“Through this pilot, we’re gaining valuable knowledge,” Lane said. “We intentionally mapped out a small pilot project and have proceeded carefully, monitoring the process and outcomes before considering any larger-scale adaption. As expected, the campus teams turned out fantastic course content, but we didn’t anticipate the synergy and exponential value we have gained from collaborating as a system and with TBR to brainstorm, share successes and address challenges.

Video Clip of Coursera Course

http://www.tennessee.edu/system/academicaffairs/online-education/index.html

About Coursera

https://www.coursera.org/

About edX

https://www.edx.org/

About the Pilot Program

Background information from the May 2013 announcement of the pilot is available at http://tennessee.edu/media/releases/053013_coursera.html.

State of Tennessee Funding for Pilot Program

The pilot program is the result of discussions between UT and TBR officials and UT Knoxville alumnus Randy Boyd, named in 2013 to a short-term appointment as the governor’s special advisor on higher education. The pilot is part of Governor Haslam’s “Drive to 55” initiative to increase education attainment levels of Tennesseans. Because of that connection, the pilot is funded by a $1 million special appropriation approved by the legislature and allocated July 1, 2013. Each system, UT and TBR, received $500,000 for startup costs for the pilot. Based largely on the quality and outcomes to-date of the pilot work, another $1 million in funds for online innovation projects has been approved by the legislature for the upcoming fiscal year.

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3 Comments » for MOOC technology pilot program earns continued state investment
  1. Tiffany Mitchell says:

    The picture with this article is of Tracye Pool rather than Tiffany Mitchell. There’s a rather noticeable difference between the two ladies.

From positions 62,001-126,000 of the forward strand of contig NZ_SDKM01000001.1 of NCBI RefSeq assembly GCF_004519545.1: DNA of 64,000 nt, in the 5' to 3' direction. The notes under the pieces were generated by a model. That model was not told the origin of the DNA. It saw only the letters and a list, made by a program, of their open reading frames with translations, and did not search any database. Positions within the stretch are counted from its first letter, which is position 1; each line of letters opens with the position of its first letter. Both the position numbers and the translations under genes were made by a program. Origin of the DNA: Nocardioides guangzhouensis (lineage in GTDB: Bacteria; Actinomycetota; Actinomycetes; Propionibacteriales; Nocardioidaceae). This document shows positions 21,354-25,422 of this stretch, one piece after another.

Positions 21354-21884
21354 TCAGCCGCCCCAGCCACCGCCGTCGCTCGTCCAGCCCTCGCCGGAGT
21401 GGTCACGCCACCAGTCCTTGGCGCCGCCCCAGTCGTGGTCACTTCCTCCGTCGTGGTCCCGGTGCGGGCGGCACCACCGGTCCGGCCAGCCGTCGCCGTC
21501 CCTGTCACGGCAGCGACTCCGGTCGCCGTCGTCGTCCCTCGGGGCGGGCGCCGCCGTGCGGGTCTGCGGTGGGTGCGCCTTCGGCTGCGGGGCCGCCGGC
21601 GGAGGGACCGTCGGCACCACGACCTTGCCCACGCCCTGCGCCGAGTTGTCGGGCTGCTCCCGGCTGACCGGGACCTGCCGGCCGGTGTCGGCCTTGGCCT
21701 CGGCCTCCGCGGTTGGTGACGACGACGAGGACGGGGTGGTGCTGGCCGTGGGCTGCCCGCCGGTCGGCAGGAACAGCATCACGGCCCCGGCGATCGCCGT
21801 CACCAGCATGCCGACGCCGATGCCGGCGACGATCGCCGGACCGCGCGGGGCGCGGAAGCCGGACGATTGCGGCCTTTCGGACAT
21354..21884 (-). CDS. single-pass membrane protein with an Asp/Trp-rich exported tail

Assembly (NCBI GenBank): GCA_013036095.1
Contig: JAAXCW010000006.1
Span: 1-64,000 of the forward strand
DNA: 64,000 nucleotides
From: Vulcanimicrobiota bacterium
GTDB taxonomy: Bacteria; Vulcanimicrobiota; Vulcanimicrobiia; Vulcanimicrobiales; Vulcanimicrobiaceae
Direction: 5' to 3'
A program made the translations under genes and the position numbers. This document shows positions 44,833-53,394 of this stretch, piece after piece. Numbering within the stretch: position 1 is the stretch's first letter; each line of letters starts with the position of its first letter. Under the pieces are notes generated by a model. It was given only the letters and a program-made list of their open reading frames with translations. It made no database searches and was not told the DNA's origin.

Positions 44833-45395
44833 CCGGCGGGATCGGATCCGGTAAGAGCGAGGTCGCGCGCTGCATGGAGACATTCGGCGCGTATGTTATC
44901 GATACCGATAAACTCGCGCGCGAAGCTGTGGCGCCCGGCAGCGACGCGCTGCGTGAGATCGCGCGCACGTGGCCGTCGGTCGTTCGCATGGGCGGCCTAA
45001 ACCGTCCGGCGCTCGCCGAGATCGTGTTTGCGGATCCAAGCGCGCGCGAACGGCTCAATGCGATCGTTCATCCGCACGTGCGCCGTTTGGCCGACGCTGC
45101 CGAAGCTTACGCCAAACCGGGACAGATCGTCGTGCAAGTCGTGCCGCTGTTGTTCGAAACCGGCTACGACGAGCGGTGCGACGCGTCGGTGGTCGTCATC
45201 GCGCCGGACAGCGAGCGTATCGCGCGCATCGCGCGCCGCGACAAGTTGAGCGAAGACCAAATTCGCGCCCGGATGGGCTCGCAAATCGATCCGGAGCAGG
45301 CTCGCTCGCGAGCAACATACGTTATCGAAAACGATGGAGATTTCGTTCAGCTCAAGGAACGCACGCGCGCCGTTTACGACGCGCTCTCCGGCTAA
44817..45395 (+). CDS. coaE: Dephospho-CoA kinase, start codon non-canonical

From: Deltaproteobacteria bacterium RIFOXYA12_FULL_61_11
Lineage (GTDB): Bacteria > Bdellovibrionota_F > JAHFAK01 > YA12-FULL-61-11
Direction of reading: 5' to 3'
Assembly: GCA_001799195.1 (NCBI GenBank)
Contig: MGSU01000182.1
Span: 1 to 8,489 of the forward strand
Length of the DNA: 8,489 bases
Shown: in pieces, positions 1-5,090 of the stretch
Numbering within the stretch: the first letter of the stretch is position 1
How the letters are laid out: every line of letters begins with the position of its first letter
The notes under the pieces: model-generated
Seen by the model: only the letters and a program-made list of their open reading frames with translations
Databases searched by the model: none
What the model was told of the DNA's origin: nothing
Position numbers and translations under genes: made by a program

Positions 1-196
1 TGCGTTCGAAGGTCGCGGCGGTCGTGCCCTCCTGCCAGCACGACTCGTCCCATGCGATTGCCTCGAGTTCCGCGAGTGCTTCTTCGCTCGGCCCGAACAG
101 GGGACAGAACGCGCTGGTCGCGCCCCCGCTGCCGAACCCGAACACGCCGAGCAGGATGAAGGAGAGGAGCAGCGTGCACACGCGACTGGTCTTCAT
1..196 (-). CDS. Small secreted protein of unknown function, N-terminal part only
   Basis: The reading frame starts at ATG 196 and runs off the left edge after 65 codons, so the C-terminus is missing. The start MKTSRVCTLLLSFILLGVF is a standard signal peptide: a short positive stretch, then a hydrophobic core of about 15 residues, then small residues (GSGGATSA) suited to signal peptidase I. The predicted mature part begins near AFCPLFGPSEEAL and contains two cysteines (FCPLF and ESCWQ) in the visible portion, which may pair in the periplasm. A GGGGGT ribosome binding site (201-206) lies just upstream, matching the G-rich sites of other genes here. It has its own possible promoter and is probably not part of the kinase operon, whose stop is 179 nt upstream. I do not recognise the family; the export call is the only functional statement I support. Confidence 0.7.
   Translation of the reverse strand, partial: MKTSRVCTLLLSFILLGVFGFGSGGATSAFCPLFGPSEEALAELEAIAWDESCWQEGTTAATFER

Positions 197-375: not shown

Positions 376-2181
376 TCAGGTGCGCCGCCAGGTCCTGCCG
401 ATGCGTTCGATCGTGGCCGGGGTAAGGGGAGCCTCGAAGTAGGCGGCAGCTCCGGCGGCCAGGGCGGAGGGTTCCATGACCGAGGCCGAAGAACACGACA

2. Allison Quintanilla says:

    I am very confused by this article. The main teacher mentioned, Prof. Mitchell, is not the professor featured in the picture and the professor featured in the picture, Prof. Pool, is not mentioned in the article even though she is also a part of the MOOC program. I think this is unfair to the teachers involved and they should be properly recognized for their involvement.

  3. Brian O'Leary says:

    The “initial takeaways” from this project are applicable to any course, whether it be face-to-face, online, or blended. We didn’t need to test Coursera to learn what is common sense to most academics. The only positive cited by anyone close to this project was the videos. Yet, Coursera had absolutely no involvement in the creation of these videos, other than the suggested length. Further, the in-video quizzes touted by Coursera as promoting “mastery learning” were very easy for students to skip; so much for mastering the content before moving on…. Video content is not unique to Coursera; videos can be integrated into any LMS (sans the in-video quizzes), including the Blackboard platform we currently use at UTC. In a nutshell, these results fail to demonstrate any value added by MOOC platforms based on the development time and financial investment required, or the learning outcomes achieved.